The Amsterdam Dance Event (ADE) celebrates the centenary of electronic musical instruments during the 2019 edition. When did the dance genre really take shape and why have the Dutch been pioneers for decades?
'Popprofessor' Leo Blokhuis, who made the documentary Planet Elektro about the history of electronic music, is still not completely finished. According to him, there are several developments that form the basis of current dance music.
"The arrival of the synthesizer in the 1970s naturally plays a major role," he explains. "Two movements were very important here: the pop artists who used electro as a supplement. Such as Gary Numan and Peter Gabriel, and musicians who took computer sounds as a starting point, such as Kraftwerk."
In the late 1990s, when the trance genre emerged, DJs such as Tiësto and Armin van Buuren grew up. (Photo: NU.nl/Richard Drukker)
Dance has a complex history of origin
The dance scene, which was born from these movements, probably has a more complex history of origin, according to Blokhuis.
"People have of course been dancing to music for centuries. But disco has meant a lot in the development of house and EDM. Disco is based on a simple, continuous bass drum and the house pioneers went back to it with drum computers in the late 1980s."
Thanks to these computers, music became a kind of graphic game, according to which a good kick and snare - a short, heavy bass drum followed by a fierce high drum tone - are leading. "
Blokhuis is not surprised that Europeans, in particular Dutch people, have played a pioneering role in recent decades.
"Europeans are not good at exciting rhythms"
"I will probably get the entire dance scene, but I think that Europeans are just not that good at exciting rhythms. Dance is traditionally music with few influences from other music movements. It is a simple form of building rhythms. EDM is free straight forward, there is no backbeat. "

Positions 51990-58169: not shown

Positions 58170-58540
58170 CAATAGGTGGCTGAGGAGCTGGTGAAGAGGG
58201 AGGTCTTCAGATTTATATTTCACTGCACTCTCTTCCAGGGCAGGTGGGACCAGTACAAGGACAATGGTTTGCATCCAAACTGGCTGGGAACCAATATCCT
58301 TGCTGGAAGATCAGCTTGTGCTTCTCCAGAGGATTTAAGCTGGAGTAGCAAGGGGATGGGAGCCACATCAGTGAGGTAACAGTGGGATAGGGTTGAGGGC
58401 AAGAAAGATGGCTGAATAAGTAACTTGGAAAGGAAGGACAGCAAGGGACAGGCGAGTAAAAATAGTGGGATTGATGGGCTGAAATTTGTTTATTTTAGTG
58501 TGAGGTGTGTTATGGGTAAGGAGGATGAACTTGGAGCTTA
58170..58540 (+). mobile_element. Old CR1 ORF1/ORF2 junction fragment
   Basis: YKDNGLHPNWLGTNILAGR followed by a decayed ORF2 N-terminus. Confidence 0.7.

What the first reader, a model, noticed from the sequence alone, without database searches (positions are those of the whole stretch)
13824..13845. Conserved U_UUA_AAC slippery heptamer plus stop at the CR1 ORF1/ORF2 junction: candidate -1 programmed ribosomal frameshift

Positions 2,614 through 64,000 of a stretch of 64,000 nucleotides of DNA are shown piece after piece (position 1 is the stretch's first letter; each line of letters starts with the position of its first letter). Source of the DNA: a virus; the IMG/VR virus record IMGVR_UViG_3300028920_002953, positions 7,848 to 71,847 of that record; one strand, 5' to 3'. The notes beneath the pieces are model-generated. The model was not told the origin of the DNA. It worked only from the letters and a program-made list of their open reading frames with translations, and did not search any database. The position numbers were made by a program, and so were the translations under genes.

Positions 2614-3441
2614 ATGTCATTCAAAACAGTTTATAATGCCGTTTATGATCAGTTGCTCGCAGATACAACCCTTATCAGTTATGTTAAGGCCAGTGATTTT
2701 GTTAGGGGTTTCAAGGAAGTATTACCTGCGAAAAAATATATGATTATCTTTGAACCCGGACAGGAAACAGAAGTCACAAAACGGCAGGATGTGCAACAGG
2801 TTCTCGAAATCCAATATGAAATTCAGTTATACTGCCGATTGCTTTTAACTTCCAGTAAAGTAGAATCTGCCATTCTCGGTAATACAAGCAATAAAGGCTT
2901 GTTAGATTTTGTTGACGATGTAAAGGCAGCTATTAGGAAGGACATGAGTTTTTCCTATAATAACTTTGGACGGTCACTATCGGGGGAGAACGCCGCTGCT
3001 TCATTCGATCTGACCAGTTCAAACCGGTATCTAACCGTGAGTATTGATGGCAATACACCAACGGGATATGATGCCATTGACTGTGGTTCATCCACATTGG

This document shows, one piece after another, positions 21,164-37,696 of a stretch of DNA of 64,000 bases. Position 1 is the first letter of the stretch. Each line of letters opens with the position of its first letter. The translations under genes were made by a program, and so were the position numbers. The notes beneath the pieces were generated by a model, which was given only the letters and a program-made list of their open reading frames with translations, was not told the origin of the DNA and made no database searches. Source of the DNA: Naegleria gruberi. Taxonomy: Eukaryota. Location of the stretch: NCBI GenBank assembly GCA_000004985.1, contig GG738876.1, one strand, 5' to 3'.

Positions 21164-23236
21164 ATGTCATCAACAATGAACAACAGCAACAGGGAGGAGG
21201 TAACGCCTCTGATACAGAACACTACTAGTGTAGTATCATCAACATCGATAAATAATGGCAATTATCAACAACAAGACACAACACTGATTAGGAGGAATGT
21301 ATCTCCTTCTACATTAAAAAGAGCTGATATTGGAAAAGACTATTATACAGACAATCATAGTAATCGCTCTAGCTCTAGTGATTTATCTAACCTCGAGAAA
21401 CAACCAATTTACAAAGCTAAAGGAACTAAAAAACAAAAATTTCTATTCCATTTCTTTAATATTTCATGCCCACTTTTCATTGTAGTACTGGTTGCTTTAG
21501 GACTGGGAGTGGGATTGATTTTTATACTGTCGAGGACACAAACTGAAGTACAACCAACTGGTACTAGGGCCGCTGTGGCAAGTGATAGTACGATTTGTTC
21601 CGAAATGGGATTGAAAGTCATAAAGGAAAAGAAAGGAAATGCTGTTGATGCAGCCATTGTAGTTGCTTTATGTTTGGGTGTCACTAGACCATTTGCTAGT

According to Blokhuis, Europeans are masters in the art of straightforward dance and are commercially successful.
Gert van Veen, house pioneer, musicologist and author of the ID&T book Release / Celebrate Life , does not share his opinion. He thinks there are other causes that have given the Netherlands a leading role in today's EDM dance scene.
Success generates success and imitation
"The gabber scene in the early nineties was perhaps the greatest musical trend ever and a typical Dutch phenomenon," he explains. "With that, a company like ID&T has grown. At the end of the nineties, their parties became a platform for other styles - such as trance - and DJs such as Tiësto and Armin. Success generates success and imitation."
According to Van Veen, another factor also played a major role in the development of the national dance scene.
"The Dutch know very well how to set up parties. Of course that was very important in the dance scene and it was also widely supported. Parties and festivals were created in every corner of the country, and that of course has made dance in the Netherlands grow. Nowhere There are so many festivals in the world as here. That is of course quite special for such a small country. "
The musicologist therefore thinks that the dance scene and electric music will definitely continue to grow.
The Dutch know very well how to set up a party. Nowhere else in the world are there so many festivals. (Photo: 123RF)
Not a new chapter, but a whole book
"Thirty years ago, everyone thought that dance was a trend that would blow over. Dance turned out not to be a new chapter in music history, but a whole book. I think the future looks bright. In the past, musicians had to really discover dance and now young people are growing. Musicians now learn a lot from each other and that only makes the scene bigger. "
Blokhuis also thinks that electronic music will only become more important and that pop music will also increasingly color.
"Dance and pop integrate on a large scale and that will only increase. DJs work with copywriters and singers to make their music more radio friendly. And vice versa. Just look at someone like Ed Sheeran. But it may well be that another response comes and it returns more to the basic dance corner. That is what makes electronic music so exciting. Everything is possible. "